Midstate woman loses appeal of Jackson Twp. meeting ban

Written by Daniel Walmer/Lebanon Daily News | Jan 17, 2017 11:41 AM

Ann Gruber of Jackson Township(Photo: File)

(Lebanon) -- A panel of the Pennsylvania Superior Court has rejected Ann Gruber's appeal of a sentence that forbids her from attending Jackson Township meetings.

Gruber challenged both her February 2016 sentencing and her December 2015 convictions on charges of disorderly conduct, defiant trespass and disrupting a public meeting.

In 2014 and 2015, she was a frequent meeting attendee and a harsh critic of the township supervisors. But a jury found her conduct went beyond mere disagreement after hearing evidence that she refused to follow orders from the supervisors regarding conduct at meetings.

Despite First Amendment free speech claims by Gruber, Lebanon County Judge Bradford H. Charles included as a condition of probation that she not attend Jackson Township meetings during her 18-month probation. She is permitted to submit letters, and Charles directed the township's solicitor to read the letters during public meetings.

In an opinion filed on Jan. 13, 2017, the three-judge Superior Court panel dismissed Gruber's claims that there was insufficient evidence to convict her. A separate challenge to the sentence imposed by Charles based on freedom of speech concerns was rejected on technical grounds.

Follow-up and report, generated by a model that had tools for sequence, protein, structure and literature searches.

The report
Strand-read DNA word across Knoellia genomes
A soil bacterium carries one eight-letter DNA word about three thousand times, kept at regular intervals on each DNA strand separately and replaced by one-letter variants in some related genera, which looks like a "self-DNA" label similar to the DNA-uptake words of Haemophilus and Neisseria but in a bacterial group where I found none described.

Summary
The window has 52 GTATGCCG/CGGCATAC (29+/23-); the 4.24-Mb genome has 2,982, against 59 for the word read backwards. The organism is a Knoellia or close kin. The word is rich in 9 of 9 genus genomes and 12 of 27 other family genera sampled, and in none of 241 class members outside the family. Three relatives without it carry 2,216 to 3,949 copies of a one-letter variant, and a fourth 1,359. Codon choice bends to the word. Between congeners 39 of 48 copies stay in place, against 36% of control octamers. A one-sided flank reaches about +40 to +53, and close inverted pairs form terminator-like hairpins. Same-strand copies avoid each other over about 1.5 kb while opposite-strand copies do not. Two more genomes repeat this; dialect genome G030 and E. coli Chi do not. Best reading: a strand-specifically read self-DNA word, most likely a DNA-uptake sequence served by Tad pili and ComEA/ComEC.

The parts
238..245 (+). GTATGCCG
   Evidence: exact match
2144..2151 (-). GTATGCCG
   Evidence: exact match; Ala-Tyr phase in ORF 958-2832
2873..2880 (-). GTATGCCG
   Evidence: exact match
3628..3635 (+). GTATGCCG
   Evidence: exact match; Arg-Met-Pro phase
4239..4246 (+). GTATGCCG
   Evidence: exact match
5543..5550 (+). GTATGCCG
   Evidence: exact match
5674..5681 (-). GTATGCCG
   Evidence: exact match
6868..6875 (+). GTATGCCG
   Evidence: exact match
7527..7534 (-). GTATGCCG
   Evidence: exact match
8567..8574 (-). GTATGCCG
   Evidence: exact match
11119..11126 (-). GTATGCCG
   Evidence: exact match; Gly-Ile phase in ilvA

Even if the Superior Court were to rule on the merits of Gruber's free speech claims, she would not win the case, Senior Judge Correale F. Stevens wrote for the three-judge panel.

"(T)he trial court felt it needed to both protect the citizens of Jackson Township by ensuring their elected representatives would be able to perform their duties and to facilitate Appellant's rehabilitation 'by removing her from the environment where she consistently caused problems,'" Stevens wrote.

By permitting Gruber to submit letters to be read at meetings, the "creative" conditions of her sentencing avoid a complete curtailment of her First Amendment rights, he wrote.

Concerns about Gruber's conduct stemmed from several meetings, but two in particular led to the criminal charges. In January 2015, the Jackson Township supervisors ended a meeting early after Gruber refused to stop loudly talking despite instructions to stop by Chairman Tom Houtz, making it impossible for the supervisors to conduct business. At an August 2015 meeting, she attempted to force her way into the supervisors' office after being instructed not to do so, according to trial testimony from Township Solicitor Paul Bametzreider.

There were township residents at her sentencing who criticized Gruber's conduct, but others defended her, expressing concern about how she was treated by Houtz.

Gruber could appeal the Superior Court's decision to the Pennsylvania Supreme Court.

This story is part of a partnership between WITF and the Lebanon Daily News.

Published in Lebanon, News

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